Some 10,000 people have taken to the streets of the Nepalese capital, Kathmandu, to support opposition rallies against King Gyanendra.
The protests have resumed in earnest after the monsoon season
The four main opposition parties have been holding rallies since King Gyanendra sacked the prime minister in 2002 and assumed executive powers.
The king reinstated the Prime Minister, Sher Bahadur Deuba, earlier this year.
But opposition parties say they are not convinced he has been given back all the powers taken from him.
During the rally on Tuesday, protesters chanted slogans against the king and demanded the restoration of parliament.
Some also demanded elections for the constituent assembly, a move which Nepal's Maoist rebels believe will pave the way for their republican agenda.
The opposition had been forced to suspend its rallies because of heavy rains during the recent monsoon season.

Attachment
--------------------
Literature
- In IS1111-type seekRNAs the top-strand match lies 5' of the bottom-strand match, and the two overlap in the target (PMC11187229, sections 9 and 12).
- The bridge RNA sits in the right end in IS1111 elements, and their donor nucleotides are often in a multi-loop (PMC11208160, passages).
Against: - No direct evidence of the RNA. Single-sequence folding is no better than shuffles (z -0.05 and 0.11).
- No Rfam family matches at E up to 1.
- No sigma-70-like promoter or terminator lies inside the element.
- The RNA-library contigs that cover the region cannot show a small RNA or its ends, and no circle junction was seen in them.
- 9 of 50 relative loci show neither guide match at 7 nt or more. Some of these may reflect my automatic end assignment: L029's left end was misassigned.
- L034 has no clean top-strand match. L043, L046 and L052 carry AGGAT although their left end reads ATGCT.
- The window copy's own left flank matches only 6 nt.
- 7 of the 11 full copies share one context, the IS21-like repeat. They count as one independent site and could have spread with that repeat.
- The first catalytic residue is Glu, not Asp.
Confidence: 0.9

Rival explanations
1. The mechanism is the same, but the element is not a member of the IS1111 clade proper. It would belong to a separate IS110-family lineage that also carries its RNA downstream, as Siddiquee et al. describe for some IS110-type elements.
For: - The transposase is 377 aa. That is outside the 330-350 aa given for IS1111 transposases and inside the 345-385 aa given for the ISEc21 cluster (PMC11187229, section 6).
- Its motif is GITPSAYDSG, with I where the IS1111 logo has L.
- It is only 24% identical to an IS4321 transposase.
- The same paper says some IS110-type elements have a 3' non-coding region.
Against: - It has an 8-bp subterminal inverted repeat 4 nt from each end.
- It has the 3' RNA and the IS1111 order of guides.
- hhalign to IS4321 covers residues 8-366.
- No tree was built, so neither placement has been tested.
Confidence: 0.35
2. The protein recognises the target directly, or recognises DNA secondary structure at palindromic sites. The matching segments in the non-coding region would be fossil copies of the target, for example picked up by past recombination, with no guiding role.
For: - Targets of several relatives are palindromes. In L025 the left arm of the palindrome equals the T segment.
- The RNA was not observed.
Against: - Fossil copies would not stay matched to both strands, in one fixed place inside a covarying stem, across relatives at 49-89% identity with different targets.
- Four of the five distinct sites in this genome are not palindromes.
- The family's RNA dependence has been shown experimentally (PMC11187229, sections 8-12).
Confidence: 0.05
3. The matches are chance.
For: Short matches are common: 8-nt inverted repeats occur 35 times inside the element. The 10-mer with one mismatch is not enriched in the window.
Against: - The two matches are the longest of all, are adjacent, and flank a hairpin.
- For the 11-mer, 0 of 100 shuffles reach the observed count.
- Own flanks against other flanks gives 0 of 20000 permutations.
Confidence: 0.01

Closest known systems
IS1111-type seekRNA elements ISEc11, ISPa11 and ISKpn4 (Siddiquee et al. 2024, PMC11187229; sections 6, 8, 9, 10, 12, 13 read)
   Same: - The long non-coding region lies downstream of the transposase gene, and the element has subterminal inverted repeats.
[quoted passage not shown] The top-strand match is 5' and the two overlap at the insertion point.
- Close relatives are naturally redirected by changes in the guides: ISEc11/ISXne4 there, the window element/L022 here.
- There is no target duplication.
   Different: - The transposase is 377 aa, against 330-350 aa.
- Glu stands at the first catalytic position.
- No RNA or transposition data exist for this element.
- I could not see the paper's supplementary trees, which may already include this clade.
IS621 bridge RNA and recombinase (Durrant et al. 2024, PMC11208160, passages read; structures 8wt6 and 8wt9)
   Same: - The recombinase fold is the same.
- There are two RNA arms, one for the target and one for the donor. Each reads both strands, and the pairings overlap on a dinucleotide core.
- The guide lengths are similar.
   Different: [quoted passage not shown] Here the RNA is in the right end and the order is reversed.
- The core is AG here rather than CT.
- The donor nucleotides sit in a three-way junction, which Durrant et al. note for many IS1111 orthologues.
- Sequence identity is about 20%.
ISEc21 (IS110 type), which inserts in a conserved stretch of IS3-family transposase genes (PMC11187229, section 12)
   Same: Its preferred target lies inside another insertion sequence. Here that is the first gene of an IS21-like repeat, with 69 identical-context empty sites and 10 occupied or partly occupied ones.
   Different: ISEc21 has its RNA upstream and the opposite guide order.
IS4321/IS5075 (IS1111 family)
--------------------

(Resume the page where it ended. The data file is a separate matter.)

But now with the skies beginning to clear, they have taken to the streets once again to demand the reinstatement of the parliament or the formation of an all-party government.
Earlier on Tuesday, several hundred people took part in a rally in Kathmandu, to press for an end to the country's long-running civil war.
Buddhist monks and Hindu priests joined schoolchildren, rights activists, lawyers and ordinary Nepalis in lighting candles and singing hymns.
The event was held to mark International Day for Peace.
Some 9,000 people have died in Nepal since Maoists began an armed struggle for a communist republic in 1996.